olefud wrote:The driver isn’t going to be too happy with the car making decisions on its own. An example is the WWII Bf-109. It had leading edge slats that deployed when airspeed and AoA were in a certain domain. It actually worked rather well. However, the better pilots disabled the system since the slats tended to deploy while they were execution their aiming solution when attacking and upsetting a delicate maneuver.
Down force switching in and out would be even more disconcerting to a driver.
...(automatic (wingtip/outer wing) slots aka slats to raise stall AoA in that region of natural lower stall AoA due to chord)
the essential point was to get both slots opening at the same time, this was factory checked, standards were sacrificed later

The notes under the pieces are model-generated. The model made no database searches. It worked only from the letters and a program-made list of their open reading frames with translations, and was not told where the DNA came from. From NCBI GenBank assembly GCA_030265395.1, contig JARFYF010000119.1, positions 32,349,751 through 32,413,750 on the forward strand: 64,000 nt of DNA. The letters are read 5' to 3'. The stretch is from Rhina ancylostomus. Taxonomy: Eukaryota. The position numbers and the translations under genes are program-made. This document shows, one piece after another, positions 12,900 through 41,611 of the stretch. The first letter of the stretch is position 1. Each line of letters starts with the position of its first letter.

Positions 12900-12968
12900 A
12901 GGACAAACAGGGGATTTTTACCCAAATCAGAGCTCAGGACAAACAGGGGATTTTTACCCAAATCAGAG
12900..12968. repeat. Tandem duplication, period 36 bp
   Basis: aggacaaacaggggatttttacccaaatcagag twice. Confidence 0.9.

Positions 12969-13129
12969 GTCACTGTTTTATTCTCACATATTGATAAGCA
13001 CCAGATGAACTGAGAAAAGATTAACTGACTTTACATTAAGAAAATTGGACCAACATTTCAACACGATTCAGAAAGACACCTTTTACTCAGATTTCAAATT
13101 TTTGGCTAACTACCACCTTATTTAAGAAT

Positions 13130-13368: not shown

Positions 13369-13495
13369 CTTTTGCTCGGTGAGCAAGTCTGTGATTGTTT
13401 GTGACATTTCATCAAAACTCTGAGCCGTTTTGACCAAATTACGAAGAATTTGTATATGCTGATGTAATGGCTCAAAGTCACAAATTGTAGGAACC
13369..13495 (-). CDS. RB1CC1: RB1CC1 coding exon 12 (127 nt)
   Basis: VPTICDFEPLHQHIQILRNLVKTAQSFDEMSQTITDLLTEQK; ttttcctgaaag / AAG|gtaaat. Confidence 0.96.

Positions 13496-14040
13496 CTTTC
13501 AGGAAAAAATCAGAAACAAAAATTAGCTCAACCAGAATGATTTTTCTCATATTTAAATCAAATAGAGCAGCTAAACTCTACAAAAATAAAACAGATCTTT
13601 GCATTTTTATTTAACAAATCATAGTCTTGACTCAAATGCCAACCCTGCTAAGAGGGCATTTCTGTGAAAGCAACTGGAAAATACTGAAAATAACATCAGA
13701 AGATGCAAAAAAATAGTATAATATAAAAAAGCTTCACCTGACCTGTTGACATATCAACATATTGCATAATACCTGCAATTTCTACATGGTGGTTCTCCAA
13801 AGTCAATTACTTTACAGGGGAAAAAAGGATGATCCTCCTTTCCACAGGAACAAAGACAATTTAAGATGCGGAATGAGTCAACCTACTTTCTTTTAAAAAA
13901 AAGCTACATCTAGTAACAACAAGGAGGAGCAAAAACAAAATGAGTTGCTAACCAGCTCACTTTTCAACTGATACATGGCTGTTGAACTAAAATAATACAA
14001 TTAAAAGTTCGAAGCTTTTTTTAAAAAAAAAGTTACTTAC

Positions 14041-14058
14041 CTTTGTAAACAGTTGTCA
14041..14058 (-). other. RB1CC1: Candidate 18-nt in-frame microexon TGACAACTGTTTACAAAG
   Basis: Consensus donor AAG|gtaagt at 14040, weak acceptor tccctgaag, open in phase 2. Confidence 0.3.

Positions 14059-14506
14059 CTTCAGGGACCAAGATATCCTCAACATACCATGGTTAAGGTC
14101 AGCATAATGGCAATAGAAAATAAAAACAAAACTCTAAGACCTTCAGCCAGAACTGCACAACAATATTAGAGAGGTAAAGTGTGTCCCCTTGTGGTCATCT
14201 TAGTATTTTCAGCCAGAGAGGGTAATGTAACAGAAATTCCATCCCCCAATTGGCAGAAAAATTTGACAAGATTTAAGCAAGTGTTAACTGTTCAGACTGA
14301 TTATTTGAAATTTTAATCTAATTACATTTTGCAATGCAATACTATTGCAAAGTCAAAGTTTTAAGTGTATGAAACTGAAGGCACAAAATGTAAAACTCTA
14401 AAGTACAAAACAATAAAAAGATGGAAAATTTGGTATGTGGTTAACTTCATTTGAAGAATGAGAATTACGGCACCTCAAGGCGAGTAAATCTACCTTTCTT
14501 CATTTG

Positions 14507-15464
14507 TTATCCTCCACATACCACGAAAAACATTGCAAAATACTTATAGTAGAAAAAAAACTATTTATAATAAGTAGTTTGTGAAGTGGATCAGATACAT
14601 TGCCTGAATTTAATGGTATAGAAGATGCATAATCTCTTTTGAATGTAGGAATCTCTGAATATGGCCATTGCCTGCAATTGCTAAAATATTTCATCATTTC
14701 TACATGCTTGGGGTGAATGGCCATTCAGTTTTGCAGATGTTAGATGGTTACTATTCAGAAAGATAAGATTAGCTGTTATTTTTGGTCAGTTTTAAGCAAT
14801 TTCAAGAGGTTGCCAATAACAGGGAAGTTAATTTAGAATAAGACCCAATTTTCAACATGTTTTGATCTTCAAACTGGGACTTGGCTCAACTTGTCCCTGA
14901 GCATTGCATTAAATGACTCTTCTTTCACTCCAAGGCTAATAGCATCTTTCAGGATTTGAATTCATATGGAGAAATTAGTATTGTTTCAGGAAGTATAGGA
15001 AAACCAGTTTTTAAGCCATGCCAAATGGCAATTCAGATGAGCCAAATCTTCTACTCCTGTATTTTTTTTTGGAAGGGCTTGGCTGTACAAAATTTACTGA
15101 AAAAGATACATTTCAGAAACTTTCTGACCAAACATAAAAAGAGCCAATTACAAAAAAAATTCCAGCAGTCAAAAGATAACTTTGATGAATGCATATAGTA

experienced pilots made good use of them in combat, to tighten the turn briefly and particularly to point tighter/higher
they increase Cl (opening at high AoA) only if more AoA is then used
high speed + high AoA = high 'g' and drag, so they were cycled in and out in combat (someone who did this wrote it up)
they would likely open on landing, one only opening was bad then (British evaluations always avoided this region)
confidence was needed to get them out and keep them out
the whole point was to enable greater AoA, but design progress was towards lower AoA operation related to nosewheels replacing tailwheels and more lavish flaps, so fixed slots (with lesser AoA enhancement) took over
anyway, there shouldn't be a problem on a car ?